This panel intends to examine Muslim societies in South Asia through the lens of caste hierarchies by exploring three main dimensions. First, by tracing the history of caste associations from across regions and locations, we hope to complicate claims of representation, interrogate sites and practices of exclusion and inclusion, and probe into the temporal aspects of such claim-making. Second, we hope to further question the concept of ashrāfisation. Is ashrāfisation systematically the main strategy deployed by certain caste groups that aspire towards upward social mobility? Finally, we want to ask how the caste position of Muslim actors affects their experience of politics and of historical events (such as, but not limited to, Partition, or the rise of Hindutva politics in contemporary India). We invite contributions from all social science disciplines that address these questions and encourage contributors to bring forth new empirical material. We thus hope to re-investigate the debate on Muslim caste, reflect on processes of identity formation, and better understand the political salience of caste in South Asian societies.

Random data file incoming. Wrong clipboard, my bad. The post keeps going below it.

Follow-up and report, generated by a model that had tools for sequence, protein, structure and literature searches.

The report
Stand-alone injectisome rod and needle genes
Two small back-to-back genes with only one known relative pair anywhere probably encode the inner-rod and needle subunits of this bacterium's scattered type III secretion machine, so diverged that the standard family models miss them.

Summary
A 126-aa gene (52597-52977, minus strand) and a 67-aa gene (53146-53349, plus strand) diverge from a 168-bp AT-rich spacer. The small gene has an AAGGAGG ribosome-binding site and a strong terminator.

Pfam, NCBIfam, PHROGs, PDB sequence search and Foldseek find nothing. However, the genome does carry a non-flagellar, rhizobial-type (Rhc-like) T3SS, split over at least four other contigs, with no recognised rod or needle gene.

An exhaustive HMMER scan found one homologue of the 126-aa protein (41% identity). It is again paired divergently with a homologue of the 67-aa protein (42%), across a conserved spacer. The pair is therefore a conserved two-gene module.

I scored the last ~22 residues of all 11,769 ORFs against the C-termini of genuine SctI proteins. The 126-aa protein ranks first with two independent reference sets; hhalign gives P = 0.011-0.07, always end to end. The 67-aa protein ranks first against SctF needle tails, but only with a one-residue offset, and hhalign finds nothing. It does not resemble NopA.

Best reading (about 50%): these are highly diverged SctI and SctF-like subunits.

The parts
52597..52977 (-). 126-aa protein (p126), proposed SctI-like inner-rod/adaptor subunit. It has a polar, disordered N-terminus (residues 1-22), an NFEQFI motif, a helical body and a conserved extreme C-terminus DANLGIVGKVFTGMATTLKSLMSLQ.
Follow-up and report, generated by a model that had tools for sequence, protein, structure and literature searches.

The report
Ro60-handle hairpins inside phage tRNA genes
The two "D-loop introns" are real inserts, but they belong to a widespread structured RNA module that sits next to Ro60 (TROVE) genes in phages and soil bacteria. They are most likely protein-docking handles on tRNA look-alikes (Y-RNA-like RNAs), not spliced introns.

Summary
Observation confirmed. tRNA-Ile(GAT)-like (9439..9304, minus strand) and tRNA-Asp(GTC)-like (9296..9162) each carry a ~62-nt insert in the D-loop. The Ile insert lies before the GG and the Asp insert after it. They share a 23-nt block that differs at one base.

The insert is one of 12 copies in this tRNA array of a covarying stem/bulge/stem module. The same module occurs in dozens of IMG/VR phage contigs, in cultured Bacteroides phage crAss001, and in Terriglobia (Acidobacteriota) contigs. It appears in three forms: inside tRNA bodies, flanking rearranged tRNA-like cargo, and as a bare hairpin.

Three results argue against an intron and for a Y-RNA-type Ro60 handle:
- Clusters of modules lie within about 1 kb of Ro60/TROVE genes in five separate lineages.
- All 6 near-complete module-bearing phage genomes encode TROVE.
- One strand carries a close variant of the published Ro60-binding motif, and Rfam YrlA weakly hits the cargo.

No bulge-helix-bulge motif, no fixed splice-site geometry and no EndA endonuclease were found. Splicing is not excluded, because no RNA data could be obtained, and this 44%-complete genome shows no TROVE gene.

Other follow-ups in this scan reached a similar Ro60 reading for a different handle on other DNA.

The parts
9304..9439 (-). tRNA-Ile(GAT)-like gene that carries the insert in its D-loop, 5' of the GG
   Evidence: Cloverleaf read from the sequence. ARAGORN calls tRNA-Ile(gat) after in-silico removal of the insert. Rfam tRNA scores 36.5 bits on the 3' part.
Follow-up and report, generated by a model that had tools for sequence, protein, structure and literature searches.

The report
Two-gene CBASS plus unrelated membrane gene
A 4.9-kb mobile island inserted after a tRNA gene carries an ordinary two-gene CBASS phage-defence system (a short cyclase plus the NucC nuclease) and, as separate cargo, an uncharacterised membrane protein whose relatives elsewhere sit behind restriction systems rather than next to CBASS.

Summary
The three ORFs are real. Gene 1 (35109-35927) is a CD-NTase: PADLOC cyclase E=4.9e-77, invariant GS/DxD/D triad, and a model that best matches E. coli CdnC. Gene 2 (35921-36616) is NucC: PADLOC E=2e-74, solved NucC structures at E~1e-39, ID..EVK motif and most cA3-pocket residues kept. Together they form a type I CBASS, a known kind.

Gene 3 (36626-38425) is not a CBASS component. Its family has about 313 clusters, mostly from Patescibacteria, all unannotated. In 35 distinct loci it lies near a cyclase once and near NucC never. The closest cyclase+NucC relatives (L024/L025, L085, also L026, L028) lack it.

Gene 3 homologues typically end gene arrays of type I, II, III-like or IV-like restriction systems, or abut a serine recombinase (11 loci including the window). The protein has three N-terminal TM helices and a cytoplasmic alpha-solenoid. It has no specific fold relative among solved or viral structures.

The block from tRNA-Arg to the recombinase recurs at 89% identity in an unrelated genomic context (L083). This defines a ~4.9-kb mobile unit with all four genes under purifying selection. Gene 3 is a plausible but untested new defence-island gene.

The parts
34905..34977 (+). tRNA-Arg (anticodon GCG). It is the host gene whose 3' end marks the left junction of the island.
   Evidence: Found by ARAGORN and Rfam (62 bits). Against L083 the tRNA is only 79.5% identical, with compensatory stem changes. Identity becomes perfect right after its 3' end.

The rule(s) of law under Hindutva

Dr Sudhir Selvaraj, King’s College London,
Dr Raphael Susewind, King’s College London,

India is increasingly described as an ‘ethnic democracy’, ‘populist majoritarian autocracy’ or ‘ethnocracy’: a form of rule supported by an electoral majority rooted in ethnic affiliation, with limited and eroding checks and balances that would protect minorities. Since the BJP’s re-election in 2019, we have seen changes to constitutional arrangements and institutional design as well as growing physical and structural violence against minorities. Our contention is that law operates rather differently under such ‘ethnocratic’ circumstances, both in serving different political and social functions and in following different rules, being designed and practiced differently from its original constitutional imagination. For one, law is becoming more overtly discriminatory, with the Citizenship Amendment Act being the most prominent example. We also see attempts to replicate laws such as the Disturbed Areas Act in Gujarat or the various anti-conversion or cow protection laws in different states across India. On the other hand, we want to ground more general studies of populist/majoritarian/autocratic law by unpacking the specific Indian version of it: how does Hindutva as a political ideology and the current dispensation as political agents conceive of the rule of law, its purpose and function? Which rules do they want the law to follow? We invite papers that either trace these ideological commitments and/or track material changes in legislation or jurisprudence, and/or map out their differential consequences for India’s minorities, and welcome comparative perspectives.